Sunday, 20 October 2019

Whether accused in cheque dishonour case can be acquitted if complainant has failed to produce original notice?

At the outset, it does appear that the complainant failed to
prove the notice sent by producing the original of the notice. What
was produced is only the photo copy. Moreover, the postal
acknowledgment card also has not been produced to prove that notice
has been served on the accused. Moreover, the complainant has also
not produced any invoice that proves that there was a legally
enforceable debt to the complainant because the invoice which has
produced does not indicate anywhere the name of the sole proprietary
M/s.Rajhans Cloth House and that document did not have any
evidence to prove that the complainant had received the goods
mentioned in the document.

IN THE HIGH COURT OF JUDICATURE AT BOMBAY
CRIMINAL APPELLATE SIDE
CRIMINAL APPEAL NO.976 OF 2002

M/s.Rajhans Cloth House V/s.  Annappa Fakira Manjalkar 

CORAM: K.R.SHRIRAM,J
DATE : 17.10.2019


1. On 14.10.2019 this appeal was called out twice but none
appeared for appellant. It was stood over to 15.10.2019 but due to
paucity of time, could not be taken up, so also on 16.10.2019. Today
when the appeal is taken up for hearing, once again appellant is
absent. Therefore, this Court perused the evidence and the impugned
judgment and the complaint with the assistance of Ms.Malhotra,
learned APP appearing for the State and Mr.Pethe appearing for
respondent no.1.

2. This appeal is filed against an order of acquittal on a complaint
filed by appellant under Section 138 of the Negotiable Instrument
Act.
3. It is the case of appellant that the accused purchased goods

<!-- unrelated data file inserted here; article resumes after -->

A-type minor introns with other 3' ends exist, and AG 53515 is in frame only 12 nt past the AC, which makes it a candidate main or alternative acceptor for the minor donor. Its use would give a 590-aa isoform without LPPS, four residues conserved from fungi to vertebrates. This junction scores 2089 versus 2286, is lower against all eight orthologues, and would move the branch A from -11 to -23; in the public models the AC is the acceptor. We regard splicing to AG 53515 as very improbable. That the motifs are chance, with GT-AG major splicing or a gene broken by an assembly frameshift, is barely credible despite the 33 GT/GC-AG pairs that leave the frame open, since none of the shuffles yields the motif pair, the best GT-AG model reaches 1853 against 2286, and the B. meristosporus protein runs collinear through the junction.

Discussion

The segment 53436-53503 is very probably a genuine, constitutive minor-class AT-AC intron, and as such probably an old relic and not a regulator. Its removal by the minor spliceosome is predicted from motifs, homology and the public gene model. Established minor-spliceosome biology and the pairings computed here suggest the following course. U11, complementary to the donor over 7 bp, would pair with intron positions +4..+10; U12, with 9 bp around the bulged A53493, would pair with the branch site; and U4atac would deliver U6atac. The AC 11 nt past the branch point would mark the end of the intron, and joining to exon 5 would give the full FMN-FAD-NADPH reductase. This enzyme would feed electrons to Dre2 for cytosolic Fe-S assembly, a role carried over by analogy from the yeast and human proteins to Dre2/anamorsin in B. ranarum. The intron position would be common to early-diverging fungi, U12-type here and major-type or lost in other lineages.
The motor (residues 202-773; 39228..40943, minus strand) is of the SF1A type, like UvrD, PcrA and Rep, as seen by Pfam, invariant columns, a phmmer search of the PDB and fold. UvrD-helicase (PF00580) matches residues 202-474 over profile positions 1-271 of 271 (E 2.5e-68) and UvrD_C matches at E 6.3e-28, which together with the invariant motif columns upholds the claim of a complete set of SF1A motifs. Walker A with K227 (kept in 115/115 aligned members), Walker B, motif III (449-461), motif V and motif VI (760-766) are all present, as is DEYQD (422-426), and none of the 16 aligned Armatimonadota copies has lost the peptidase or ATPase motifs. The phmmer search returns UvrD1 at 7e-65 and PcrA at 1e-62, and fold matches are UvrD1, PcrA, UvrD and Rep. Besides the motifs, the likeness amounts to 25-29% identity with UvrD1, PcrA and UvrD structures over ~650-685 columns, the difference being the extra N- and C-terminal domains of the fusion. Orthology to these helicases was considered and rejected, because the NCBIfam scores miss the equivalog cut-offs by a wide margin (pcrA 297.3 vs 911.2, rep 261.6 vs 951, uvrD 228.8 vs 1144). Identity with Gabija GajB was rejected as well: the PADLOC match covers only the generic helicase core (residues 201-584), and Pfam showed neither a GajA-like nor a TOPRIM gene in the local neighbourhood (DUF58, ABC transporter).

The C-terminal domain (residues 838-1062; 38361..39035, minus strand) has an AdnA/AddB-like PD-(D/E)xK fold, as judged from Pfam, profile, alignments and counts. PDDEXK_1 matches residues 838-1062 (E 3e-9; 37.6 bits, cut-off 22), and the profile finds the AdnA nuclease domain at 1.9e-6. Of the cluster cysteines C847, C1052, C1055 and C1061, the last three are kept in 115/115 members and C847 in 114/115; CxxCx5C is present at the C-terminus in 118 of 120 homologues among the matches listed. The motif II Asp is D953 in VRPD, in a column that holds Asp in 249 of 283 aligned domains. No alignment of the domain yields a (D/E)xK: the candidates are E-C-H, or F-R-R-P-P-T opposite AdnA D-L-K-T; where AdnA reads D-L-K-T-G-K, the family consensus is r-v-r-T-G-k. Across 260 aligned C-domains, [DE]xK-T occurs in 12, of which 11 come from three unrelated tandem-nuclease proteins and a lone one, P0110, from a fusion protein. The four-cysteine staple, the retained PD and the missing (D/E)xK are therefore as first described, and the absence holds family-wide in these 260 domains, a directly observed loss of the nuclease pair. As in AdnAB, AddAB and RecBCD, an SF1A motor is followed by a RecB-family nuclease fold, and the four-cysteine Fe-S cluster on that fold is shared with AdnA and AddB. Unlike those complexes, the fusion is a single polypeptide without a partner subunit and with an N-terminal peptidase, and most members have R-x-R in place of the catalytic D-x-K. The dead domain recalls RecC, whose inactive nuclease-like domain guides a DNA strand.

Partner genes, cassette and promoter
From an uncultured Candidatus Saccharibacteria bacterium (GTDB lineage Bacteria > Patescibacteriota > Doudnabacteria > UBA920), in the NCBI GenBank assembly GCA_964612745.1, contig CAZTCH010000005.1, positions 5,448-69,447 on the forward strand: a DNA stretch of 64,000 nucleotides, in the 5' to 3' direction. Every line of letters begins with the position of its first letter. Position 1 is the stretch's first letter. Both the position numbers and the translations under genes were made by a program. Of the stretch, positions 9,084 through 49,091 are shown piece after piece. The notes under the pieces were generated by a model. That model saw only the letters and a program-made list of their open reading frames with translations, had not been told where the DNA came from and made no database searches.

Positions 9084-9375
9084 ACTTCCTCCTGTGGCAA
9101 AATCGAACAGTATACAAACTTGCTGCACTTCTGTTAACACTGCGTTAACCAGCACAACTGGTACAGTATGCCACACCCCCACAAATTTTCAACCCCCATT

from appellant on credit and the amount payable was Rs.50,293.95/- .
The accused paid Rs.293.95/- and promised to pay balance amount of
Rs.50,000/- in 4 to 5 days. On 14.8.1999 accused issued post dated
cheque for Rs.50,000/- in the name of complainant which cheque
when deposited was dishonoured with the endorsement “Refer to
drawer”.
4. The complainant issued a statutory notice on 23.8.1999 and the
notice was served on 24.8.1999 despite which the amount was not
paid and hence the complaint.
5. It is the case of the accused that he had not purchased any
goods from the complainant but he used to take loan from the brother
of the complainant and he had borrowed sum of Rs.30,000/- and the
cheque for Rs.50,000/- was given as security towards repayment of
amount of Rs.30,000/-. The cheque given was a blank cheque
according to accused. Accused had repaid loan by issuing two cheques

bearing nos.061588 and 061589 and therefore, that loan account has
been closed. The complainant instead of returning the security cheque
of Rs.50,000/- tried to encash the said cheque.
6. On behalf of the complainant 4 witnesses were examined and as
regards the accused, he himself gave evidence.
7. At the outset, it does appear that the complainant failed to
prove the notice sent by producing the original of the notice. What
was produced is only the photo copy. Moreover, the postal
acknowledgment card also has not been produced to prove that notice
has been served on the accused. Moreover, the complainant has also
not produced any invoice that proves that there was a legally
enforceable debt to the complainant because the invoice which has
produced does not indicate anywhere the name of the sole proprietary
M/s.Rajhans Cloth House and that document did not have any
evidence to prove that the complainant had received the goods
mentioned in the document.
8. In 1Rohtash Vs. State of Haryana the Supreme Court held that
the law of interfering with the judgment of acquittal is well settled. It
1 (2012) 3 SCC (Cri) 287

is to the effect that only in exceptional cases where there are
compelling circumstances and the judgment in appeal is found to be
perverse, the appellate court can interfere with the order of the
acquittal. The appellate court should bear in mind the presumption of
innocence of the accused and further that the trial court’s acquittal
bolsters the presumption of innocence. Interference in a routine
manner where the other view is possible should be avoided, unless
there are good reasons for interference.
9. In the circumstances, I see no reason to interfere with the
impugned judgment and order. Appeal dismissed.
(K.R.SHRIRAM,J)

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